I came back to where he was, standing at his place against an over-painted wrought iron gate.  “I’ll take it,” I told him, and then I handed him a bunch of twenty-dollar bills that I counted out between my right and left hand, the sound of paper against paper indicating our transaction.

“One two three four five.  One two three four five.  One two three four five.”

I thanked him and rode down Driggs on my very own bike.  It felt strange to be in New York and own an item that was a further extension of myself.  Vainly, I wondered what I looked like riding it down the street.  “There’s that girl on the red bike,” someone might say, and they might see my blonde hair and my focused stare and think that the bike said something about my personality, which it didn’t.  There was something liberating I knowing that I had purchased something not wholly because I thought it looked cool or was in my taste, but that it would get me from A to B, that it was light, and that its 57 cm measurements accommodated my long legs.

Later, I met my friends on Grand Avenue.  We were riding over the bridge to watch the friend of a friend play in some beer-soaked bar on Houston.  I was indescribably nervous.  The bike and I were still new to each other and for whatever reason I didn’t trust it.  I kept thinking – even though I had learned how to ride a bike over twenty years ago – that a tire would come loose and I would pitch forward.  I imagined myself falling over on pavement.  I thought about what bones would likely break first – if it would be my arm or my collarbone or possibly a hip.  “Get a helmet,” my mom told me.  I thought about that, too.

I watched my friends barrel down the sloped portion of the bridge, gladly picking up speed.  I was jealous of their freedom.  I pumped the brakes and kept my pace measured.  Somewhere towards the end of the bridge, I began to realize I had trust issues in general.  With people.  With things.  It would take me awhile to get used to this again.

At the bar, my friends drank shots of tequila and drank bottles of beer.  A jazz band played horrifically in the corner, obliterating my ability to hear and think clearly.  Outside, the sun went down and the clouds moved in, threatening to bring in another day of rain.  And in an hour, we left, going back up and over the bridge.  A giant, yellowed full moon hung low above the bridge.  Lightning snapped in the distance, beyond Manhattan, beyond Brooklyn.  We rode next to moving subways filled with blue seats and stationary passengers.  Cuh-clack!  Cuh-clack!  Cuh-clack!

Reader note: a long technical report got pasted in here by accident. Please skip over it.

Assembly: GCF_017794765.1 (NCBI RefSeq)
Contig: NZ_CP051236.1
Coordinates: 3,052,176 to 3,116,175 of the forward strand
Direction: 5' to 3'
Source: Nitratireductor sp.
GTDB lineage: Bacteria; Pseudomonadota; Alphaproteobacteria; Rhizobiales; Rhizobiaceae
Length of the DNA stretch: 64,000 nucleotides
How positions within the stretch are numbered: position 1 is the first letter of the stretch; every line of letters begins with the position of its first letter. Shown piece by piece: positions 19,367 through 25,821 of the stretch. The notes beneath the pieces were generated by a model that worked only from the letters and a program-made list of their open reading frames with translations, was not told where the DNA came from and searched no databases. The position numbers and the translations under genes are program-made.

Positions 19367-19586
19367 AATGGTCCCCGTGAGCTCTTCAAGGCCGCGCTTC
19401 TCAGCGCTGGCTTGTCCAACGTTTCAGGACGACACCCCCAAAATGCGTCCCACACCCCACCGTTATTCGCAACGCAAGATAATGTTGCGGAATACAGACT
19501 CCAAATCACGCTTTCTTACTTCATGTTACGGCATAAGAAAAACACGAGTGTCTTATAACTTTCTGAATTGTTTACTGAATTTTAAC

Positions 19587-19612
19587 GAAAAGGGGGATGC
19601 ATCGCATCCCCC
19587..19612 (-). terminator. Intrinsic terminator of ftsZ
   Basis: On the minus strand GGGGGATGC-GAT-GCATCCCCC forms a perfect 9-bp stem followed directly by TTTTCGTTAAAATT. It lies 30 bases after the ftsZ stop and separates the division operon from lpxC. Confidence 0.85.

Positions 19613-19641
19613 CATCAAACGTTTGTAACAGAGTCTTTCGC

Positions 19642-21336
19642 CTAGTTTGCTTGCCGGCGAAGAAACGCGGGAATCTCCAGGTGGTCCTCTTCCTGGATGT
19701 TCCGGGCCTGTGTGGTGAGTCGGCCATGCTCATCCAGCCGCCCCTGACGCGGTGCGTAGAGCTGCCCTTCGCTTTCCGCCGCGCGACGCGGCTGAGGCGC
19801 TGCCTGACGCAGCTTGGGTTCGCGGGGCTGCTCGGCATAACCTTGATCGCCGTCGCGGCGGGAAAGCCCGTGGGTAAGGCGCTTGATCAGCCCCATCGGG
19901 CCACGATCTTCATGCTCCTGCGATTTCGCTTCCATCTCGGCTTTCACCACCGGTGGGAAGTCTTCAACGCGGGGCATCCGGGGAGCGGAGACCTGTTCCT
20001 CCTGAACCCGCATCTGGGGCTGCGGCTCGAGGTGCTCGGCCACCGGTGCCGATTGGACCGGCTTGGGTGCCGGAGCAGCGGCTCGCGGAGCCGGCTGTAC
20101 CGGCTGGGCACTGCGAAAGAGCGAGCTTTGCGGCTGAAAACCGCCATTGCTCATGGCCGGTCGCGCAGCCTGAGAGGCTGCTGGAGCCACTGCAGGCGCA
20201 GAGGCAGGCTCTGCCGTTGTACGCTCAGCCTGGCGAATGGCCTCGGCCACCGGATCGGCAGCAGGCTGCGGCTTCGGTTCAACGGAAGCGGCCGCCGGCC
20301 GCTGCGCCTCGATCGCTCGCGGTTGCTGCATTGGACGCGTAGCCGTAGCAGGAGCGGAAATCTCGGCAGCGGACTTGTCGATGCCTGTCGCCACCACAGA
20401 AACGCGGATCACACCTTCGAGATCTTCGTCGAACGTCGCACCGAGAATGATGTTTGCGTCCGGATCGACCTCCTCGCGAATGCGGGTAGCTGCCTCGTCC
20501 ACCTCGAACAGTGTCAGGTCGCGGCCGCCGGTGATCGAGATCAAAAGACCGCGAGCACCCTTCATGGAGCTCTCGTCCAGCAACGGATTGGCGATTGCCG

In Brooklyn, white flowers bloomed on the branches of trees overhead.  Dogwoods, I think.  The neon lights from bars and Laundromats reflected off of their petals, changing them blue and purple and red in parts.  We dropped Jo off at her apartment.  Justin came next.  We rode together along the water, Manhattan to our left, shining and sturdy and glowing brightly.

“I fucking love New York!” I yelled.  “I fucking love New York!”

And then I rode alone, just me and the moon, my love of the place having come back, just like riding a bike.


Field Trip

Check out my piece on Flip Collective today.  Click through on the image below.

My street waited to be charming again.  It was April and I could see it in the buds that formed at the ends of branches, in the park covered in grass and not snow.  Change was so slow to arrive.  Winter had us scratching at our pale arms and pulling on darkening hair.  Going out and socializing just felt like something we had to do to avoid the complete disintegration of our mental health.  It was formulaic and necessary, like taking antipsychotics.  December and January.  February and March.  I slept through it all.  I was waiting for a reason to love this place again.


A Brief History of Old History